In January 2017, RSBC merged with the Royal London Society for Blind People (RLSB). Although we are now called RSBC, there may be some references to RLSB in the following article.
What if vision impaired people could navigate independently using their smartphones?
Wayfindr is the first open standard for audio-based navigation, stemming from a productive collaboration between ustwo (a global digital product studio) and the RLSB Youth Forum.
To tackle the challenge of independent travel for vision impaired people, Wayfindr is setting the standard for audio navigation using your smartphone. We are working so that wherever you are in the world, indoors or outdoors, you can navigate independently.
Our latest trial guides participants through Euston Tube station, giving audio directions from a prototype smartphone app that interacts with beacons installed throughout the station.
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The Wayfindr Story
In March 2014 the RLSB Youth Forum released England’s first ever manifesto for vision impaired young people. It represents the views of vision impaired young people, to bring the community together and make changes that will improve life for future generations. One of the key issues highlighted in the manifesto is transport:
“Just like many young people our age, particularly in London, we rely on public transport to get around, to see our friends, get to college and to work. Unlike our sighted peers we cannot learn to drive; we have no choice but to rely on public transport and other people to get around.”
ustwo worked with members of the Youth Forum to imagine technology-enabled ways to make independent travel more feasible. Following journeys by the ustwo team on the London Underground under conditions of simulated limited sight, and the rapid prototyping and testing of potential solutions with Youth Forum members, a working prototype of Wayfindr was created.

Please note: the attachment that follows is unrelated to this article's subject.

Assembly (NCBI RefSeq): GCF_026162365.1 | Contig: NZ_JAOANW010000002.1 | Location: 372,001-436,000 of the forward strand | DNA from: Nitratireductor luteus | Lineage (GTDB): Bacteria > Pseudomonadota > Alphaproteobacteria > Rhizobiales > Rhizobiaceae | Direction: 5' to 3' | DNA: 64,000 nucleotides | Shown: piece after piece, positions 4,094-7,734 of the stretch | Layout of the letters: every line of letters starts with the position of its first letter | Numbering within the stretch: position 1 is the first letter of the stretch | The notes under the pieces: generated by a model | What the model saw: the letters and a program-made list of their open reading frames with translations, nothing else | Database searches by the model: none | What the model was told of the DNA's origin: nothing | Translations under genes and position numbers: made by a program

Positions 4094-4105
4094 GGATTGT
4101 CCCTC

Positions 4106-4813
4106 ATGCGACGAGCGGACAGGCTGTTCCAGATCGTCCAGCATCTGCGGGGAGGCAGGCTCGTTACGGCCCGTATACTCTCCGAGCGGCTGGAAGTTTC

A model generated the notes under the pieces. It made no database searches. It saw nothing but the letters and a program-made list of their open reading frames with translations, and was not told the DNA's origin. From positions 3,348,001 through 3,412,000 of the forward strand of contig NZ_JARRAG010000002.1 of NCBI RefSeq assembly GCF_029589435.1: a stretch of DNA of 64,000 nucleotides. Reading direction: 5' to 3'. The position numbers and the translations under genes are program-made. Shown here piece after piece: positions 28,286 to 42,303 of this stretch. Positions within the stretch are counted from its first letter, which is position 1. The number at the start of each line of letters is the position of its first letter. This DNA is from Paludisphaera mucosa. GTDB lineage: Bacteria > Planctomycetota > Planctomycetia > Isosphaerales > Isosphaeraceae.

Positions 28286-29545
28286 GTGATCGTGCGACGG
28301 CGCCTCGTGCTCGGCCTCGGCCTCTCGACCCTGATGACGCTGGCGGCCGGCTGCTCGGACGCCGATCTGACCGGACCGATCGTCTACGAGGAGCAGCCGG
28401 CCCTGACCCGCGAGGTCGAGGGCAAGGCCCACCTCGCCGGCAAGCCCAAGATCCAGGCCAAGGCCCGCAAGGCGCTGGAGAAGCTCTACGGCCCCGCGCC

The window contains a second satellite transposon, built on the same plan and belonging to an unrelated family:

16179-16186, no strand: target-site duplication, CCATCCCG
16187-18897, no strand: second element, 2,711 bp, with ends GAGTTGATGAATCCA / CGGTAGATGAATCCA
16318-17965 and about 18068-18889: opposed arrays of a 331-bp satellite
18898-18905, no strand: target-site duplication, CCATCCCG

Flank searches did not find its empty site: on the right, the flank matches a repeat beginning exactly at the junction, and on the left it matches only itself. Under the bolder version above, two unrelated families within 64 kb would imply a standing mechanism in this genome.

The Wayfindr Standard
The more we explored the world of navigation apps, the more it became clear that what was needed was a consistent standard to be implemented across wayfinding systems. This will open up a world where vision impaired people are no longer held back by their sight loss. To make this a reality, in September 2015 we launched Wayfindr, a new nonprofit venture alongside the ustwo to create the first Open Standard for Audio-based Wayfinding.
The Wayfindr Standard consists of guidelines on how to best integrate Wayfindr in your built environment or digital navigation service, built on a foundation of rigorous user research. Wayfindr creates an experience for vision impaired people that is consistent, seamless and reliable, empowering them to move independently through their environment. Read more on www.wayfindr.net.
Wayfindr began trialling a complex installation in London’s Euston Station in November 2015, investigating how the system could work across a large station both for vision impaired people and the station operators. Read more about the London Underground trial.
Wayfindr: The Next Steps
In December 2015 Google.org supported Wayfindr through the Global Impact Challenge: Disabilities. RLSB recieved a $1m grant towards the Wayfindr project, which will allow Wayfindr to set the open standard. The first release of the Wayfindr Standard, for underground and rail stations was launched in May 2016 – you can view the Open Standard here.
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Want to get in touch about this? Contact Wayfindr’s Andy Devine at firstname.lastname@example.org or call 020 3198 0225.